CSR 426 Module 2 Corporate Governance and CSR Strategy-1.docx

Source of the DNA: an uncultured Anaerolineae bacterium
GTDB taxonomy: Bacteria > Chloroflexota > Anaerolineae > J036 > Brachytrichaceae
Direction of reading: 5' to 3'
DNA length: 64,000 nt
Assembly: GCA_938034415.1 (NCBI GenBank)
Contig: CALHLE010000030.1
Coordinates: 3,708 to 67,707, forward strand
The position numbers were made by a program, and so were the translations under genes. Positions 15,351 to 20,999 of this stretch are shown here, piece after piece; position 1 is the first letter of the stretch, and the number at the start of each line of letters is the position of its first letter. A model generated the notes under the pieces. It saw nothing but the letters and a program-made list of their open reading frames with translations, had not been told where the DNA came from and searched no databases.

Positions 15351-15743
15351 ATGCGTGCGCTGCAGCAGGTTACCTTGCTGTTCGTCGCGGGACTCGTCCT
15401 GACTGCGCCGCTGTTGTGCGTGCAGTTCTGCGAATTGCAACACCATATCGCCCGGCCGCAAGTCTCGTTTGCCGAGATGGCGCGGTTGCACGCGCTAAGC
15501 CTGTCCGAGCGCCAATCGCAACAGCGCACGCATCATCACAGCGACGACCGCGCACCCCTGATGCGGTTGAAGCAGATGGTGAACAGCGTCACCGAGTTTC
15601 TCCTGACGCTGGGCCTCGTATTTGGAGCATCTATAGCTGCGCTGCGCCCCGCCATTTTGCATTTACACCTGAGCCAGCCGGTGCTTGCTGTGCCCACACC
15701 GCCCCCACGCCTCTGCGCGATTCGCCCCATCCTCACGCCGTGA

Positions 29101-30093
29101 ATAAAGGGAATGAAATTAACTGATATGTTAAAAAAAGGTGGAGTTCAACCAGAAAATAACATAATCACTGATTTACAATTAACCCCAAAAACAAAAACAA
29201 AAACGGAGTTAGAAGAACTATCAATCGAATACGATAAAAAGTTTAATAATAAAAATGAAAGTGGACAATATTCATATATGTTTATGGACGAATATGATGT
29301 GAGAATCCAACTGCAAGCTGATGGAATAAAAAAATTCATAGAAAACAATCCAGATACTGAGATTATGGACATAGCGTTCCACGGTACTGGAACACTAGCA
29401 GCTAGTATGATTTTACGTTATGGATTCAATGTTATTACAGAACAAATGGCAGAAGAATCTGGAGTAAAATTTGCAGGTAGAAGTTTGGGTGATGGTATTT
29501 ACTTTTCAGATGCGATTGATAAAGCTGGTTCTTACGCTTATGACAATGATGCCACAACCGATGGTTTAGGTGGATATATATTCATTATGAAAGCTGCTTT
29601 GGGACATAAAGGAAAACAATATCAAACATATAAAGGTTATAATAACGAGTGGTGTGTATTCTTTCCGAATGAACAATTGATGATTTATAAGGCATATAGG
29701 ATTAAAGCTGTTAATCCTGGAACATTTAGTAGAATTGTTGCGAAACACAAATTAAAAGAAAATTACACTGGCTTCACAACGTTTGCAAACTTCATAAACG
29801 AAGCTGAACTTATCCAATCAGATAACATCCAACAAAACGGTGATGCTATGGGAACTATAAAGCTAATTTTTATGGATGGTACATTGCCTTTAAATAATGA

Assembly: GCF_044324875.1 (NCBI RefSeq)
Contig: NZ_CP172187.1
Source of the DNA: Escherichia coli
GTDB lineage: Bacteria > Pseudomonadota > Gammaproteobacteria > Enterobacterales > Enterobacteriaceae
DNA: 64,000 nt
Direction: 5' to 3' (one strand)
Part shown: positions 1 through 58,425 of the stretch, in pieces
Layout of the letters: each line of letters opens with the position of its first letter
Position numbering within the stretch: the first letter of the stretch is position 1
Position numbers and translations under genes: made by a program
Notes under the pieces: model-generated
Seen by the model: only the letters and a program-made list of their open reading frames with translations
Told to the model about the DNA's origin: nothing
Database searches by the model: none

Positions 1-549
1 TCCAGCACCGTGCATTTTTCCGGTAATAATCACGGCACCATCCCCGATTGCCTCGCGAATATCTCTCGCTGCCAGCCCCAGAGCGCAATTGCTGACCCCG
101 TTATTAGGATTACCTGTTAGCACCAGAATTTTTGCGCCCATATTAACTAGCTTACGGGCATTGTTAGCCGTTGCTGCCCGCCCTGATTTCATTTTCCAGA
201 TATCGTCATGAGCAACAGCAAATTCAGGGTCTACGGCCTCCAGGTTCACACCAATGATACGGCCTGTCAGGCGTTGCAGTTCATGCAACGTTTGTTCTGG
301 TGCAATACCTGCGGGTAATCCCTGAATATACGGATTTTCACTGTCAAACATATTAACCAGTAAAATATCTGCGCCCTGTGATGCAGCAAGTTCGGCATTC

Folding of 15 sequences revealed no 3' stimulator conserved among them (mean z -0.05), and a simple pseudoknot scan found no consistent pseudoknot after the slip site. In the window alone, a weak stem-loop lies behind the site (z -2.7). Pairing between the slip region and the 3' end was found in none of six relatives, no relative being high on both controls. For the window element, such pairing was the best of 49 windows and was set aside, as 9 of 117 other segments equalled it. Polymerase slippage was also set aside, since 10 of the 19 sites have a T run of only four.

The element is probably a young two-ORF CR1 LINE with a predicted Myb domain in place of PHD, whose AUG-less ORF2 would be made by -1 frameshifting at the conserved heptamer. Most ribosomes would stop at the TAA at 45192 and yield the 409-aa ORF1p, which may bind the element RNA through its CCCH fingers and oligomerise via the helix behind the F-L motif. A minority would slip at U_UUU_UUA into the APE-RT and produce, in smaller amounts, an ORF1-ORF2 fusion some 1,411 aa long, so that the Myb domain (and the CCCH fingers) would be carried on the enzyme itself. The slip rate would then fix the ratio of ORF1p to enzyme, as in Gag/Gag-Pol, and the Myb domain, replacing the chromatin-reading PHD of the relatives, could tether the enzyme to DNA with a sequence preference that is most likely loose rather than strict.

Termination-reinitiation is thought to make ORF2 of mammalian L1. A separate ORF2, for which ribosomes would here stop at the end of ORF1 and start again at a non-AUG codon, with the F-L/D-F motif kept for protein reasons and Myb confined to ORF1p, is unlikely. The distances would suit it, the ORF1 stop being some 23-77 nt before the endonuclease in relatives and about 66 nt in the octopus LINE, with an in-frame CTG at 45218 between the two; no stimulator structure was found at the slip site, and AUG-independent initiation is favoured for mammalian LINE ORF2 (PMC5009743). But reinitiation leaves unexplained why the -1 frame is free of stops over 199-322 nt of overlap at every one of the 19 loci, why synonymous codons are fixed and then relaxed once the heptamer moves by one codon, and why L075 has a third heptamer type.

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CSR 426 – ENVIRONMENT AND CSR MODULE 2: CORPORATE GOVERNANCE AND CSR STRATEGY What is Corporate Governance? Muralidharan , P (2016) states that Corporate Governance is ensuring that an organization is run in a responsible manner by ensuring accountability, transparency and compliance with due regard to its key stakeholders. It is the whole set of legal, cultural, and institutional arrangements that determine what publicly traded corporations can do, who controls them, how that control is exercised, and how the risks and returns from the activities they undertake are allocated (Margaret Blair, 1995). Corporate Social Responsibility (CSR) is a corporate form of self-regulation integrated into the business model to create a positive impact on the stakeholders and the environment. A traditional view suggested a contradiction between CSR and Corporate Governance. Corporate Governance was related to profit maximization and provided protection to shareholders who have provided capital to firm, while CSR apparently was against profit maximization because it suggested a set of actions beneficial for external stakeholders that may not be good for a shareholder. However CSR is gradually getting fused into the company’s corporate governance practices. Their relationship can be interpreted by abandoning the standard view of the firm as a shareholder value maximizer and embracing the view of a firm as a stakeholder value maximizer. This convergence paves the way for Corporate Governance to be driven by ethical norms and the need for accountability, and it enables CSR to adapt prevailing business practices. Today both Corporate Governance and CSR focus on ethical practices in business and the responsiveness of an organization to its stakeholders and the environment in which it operates. The Social Contract In business, social contract theory includes the obligations that businesses of all sizes owe to the communities in which they operate and to the world as a whole. This involves corporate philanthropy, corporate social responsibility and corporate governance. To answer the call for more involvement in the local community, businesses can draw on social contract theory to interact with society. While it is no secret that businesses must follow laws and regulations, they also must meet implicit non-legal expectations. These expectations are encompassed in the idea of corporate philanthropy, or do- gooding. Businesses can show that they are concerned with their communities and appreciative of the revenue streams the community provides by allocating resources for community projects, by volunteering in local charities or schools, by donating products and by running environmentally friendly ad campaigns. These things illustrate that a business is serious about its social contract and that it recognizes the value of giving back.

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